This story from the Huffington Post on 7 October is by David Lohr firstname.lastname@example.org
South Africa Ignoring A Serial Killer Targeting Gay Men?
A human rights organization in South Africa is accusing authorities of failing to properly investigate the deaths of four gay men. Local media outlets have suggested that the men are the victims of a homophobic serial killer.
"The continued use of culture in order to disguise criminal intent against LGBTI people has to be strongly condemned," said Javu Baloyi, a spokesman for the Commission for Gender Equality (CGE), in a statement to The Huffington Post.
"The Commission is ... concerned about the long delays in cases relating to this issue. CGE views these acts as criminal acts and the perpetrators deserve to face the full might of the law," Baloyi said.
The victims, each in their 30s, were found dead between December 2010 and September 2011. All of the victims were bound and strangled, according to The Star.
The first victim, identified as 36-year-old Jim Cathels, was found dead in his Berea home in December 2010.
Roughly six months later, in June of this year, 33-year-old Reno Oscar O'Hara was found dead inside the home of Ivan Vladislavic, a South African short story author and novelist. O'Hara had been housesitting and was discovered by Vladislavic when he returned from a trip to the United Kingdom.
On Sept. 11, the body of Siphiwe Selby Nhlapo, 36, was found inside his flat in Kliptown, Soweto.
The latest victim, 39-year-old Barney van Heerden, was found dead in his Orange Grove home on Sept. 19. Half-full glasses of wine were found on a kitchen table, suggesting that Heerden may have known his attacker.
Heerden's case varies slightly from the others in that the killer poured acid onto the victim's body after death. Forensic specialist Dr. Mark Welman told The Star that the killer may have been attempting to destroy DNA evidence. Some, however, believe that there was a far more sinister motive.
"I find it more likely he brought acid as a method of torture [and] experimented with it," Washington, D.C.-based criminal profiler Pat Brown told The Huffington Post.
There were no signs of forced entry in any of the cases. Because of the similarities in the victim's sexual orientations and the fact that many of the men used Internet dating websites, local activists and media outlets have suggested that a serial killer could be responsible.
Earlier today, IOL News reported a possible fifth victim: Manolis Veloudos, a choreographer and dancer from Hyde Park, Johannesburg. Veloudos was found dead in his Greenside home in April 2010. Like the other victims, Veloudos was bound and murdered. Unlike the others, he was bludgeoned to death with his laptop.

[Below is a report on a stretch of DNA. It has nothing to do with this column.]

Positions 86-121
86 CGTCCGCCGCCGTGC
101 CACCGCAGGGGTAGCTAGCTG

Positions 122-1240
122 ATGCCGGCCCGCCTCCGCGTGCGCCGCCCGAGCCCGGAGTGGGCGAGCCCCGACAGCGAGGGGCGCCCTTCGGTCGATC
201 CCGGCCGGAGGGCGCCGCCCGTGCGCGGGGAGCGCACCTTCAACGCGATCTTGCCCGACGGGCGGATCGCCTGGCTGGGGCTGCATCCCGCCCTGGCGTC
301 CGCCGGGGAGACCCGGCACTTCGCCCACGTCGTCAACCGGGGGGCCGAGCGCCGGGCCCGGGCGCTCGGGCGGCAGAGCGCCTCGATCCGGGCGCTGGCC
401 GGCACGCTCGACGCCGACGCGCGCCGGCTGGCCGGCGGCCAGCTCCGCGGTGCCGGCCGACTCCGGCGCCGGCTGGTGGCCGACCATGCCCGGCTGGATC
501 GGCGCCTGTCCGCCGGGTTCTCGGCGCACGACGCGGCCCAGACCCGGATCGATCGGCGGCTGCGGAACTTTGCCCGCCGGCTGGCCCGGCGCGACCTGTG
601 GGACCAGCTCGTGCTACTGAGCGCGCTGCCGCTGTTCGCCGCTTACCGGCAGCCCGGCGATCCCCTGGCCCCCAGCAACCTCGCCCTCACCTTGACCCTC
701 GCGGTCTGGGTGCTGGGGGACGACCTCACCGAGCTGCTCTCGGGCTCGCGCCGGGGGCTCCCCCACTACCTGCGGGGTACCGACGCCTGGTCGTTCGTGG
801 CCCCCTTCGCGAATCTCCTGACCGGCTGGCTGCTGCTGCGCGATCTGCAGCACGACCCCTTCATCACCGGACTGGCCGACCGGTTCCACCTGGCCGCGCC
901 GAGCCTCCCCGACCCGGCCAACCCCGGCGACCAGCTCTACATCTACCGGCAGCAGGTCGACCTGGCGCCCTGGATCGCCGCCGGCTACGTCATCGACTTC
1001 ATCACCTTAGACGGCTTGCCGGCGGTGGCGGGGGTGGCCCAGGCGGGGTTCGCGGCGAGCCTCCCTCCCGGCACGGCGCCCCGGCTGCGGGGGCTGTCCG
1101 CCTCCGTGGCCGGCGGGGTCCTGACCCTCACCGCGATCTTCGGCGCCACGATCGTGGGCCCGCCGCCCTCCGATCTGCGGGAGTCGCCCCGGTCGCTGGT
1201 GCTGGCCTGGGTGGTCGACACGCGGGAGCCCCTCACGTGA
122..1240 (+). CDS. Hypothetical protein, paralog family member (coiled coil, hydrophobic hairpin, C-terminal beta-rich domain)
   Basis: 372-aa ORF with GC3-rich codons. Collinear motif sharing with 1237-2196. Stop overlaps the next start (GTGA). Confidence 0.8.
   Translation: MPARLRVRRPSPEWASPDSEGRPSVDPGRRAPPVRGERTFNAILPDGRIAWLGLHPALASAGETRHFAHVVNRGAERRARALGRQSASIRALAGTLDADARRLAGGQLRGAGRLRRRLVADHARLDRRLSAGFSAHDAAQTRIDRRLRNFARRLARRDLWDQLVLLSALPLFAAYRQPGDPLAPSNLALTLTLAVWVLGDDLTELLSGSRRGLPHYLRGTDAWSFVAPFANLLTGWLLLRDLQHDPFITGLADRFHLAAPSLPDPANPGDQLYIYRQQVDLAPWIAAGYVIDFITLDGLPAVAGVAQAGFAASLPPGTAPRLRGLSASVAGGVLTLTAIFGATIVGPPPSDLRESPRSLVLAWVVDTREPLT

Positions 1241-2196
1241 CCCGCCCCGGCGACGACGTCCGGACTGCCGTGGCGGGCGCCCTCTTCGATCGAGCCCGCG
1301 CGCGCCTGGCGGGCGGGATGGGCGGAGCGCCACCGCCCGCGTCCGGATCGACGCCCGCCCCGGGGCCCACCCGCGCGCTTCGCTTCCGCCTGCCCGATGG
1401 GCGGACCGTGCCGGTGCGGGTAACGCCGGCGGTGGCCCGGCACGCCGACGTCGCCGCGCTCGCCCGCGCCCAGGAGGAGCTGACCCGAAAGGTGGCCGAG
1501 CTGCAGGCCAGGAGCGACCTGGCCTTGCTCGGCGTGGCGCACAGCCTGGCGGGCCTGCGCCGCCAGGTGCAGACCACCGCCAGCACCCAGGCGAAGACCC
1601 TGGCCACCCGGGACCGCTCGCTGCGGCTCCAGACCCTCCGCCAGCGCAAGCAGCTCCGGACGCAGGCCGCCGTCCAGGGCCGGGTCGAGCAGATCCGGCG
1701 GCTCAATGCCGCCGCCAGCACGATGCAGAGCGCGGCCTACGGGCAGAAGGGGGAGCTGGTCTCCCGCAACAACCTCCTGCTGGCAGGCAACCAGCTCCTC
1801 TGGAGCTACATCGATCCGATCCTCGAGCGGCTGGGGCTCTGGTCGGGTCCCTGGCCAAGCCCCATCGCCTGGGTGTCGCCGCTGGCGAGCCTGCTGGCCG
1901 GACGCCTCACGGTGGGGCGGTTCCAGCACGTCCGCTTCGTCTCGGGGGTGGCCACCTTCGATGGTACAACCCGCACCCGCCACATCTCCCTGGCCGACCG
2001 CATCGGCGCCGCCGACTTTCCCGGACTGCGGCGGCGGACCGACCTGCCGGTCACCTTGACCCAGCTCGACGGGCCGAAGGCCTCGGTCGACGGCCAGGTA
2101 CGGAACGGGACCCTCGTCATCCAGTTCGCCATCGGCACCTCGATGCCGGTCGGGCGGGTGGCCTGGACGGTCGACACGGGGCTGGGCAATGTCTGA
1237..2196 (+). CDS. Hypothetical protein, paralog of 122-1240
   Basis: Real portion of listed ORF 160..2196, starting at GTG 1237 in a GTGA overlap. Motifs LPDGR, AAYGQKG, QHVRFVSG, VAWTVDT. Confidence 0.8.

According to Veloudos' niece, Evita Veloudos, there was surveillance camera footage of her uncle with an unknown man on the night of the murder. But IOL News reported that authorities have since lost the footage. If he was a murdered by the same killer, that would make Veloudos the first victim in the case.
The South African Police Service did not immediately respond to a request for comment from The Huffington Post.
Speaking today with Looklocal News, SAPS provincial spokesperson Lt. Col. Lungile Dlamini said that the murders are being investigated as individual cases.
"We have excluded robbery as a motive but, at this stage, there is no further information that may suggest that the incidents are the work of a serial killer. Police are still following leads to identify suspects," Dlamini said.
Not everyone, however, is convinced.
"It would be remiss of investigating authorities to not consider possible links," Welman told The Star.
"There is unquestionably a serial killer loose in South Africa -- at least one," Brown told The Huffington Post. "Since there are Internet dating sites involved, no signs of breaking or entering, wine on the table, no items of major value missing and no sign of a struggle prior to the binding, we can eliminate burglary or hate killing as the motive. ... This is a serial killer who likes to watch his victims die -- a common enjoyment of most serial killers."
The CGE has yet to respond to Dlamini's comments. In the statement provided to HuffPost, Baloyi condemned the murders and called for a full investigation.
"It is our firm belief that the Department of Constitutional Development and Department of Justice have to come to the party by ensuring that gay people receive the necessary attention and that these murders are properly investigated," Baloyi said.
It is only a matter of time, Brown warns, before the killer strikes again.
"The police definitely need to analyze the similarities and connections between these crimes," she said. "This is a serial killer who will likely continue, although now he may change areas or methods of meeting his victims."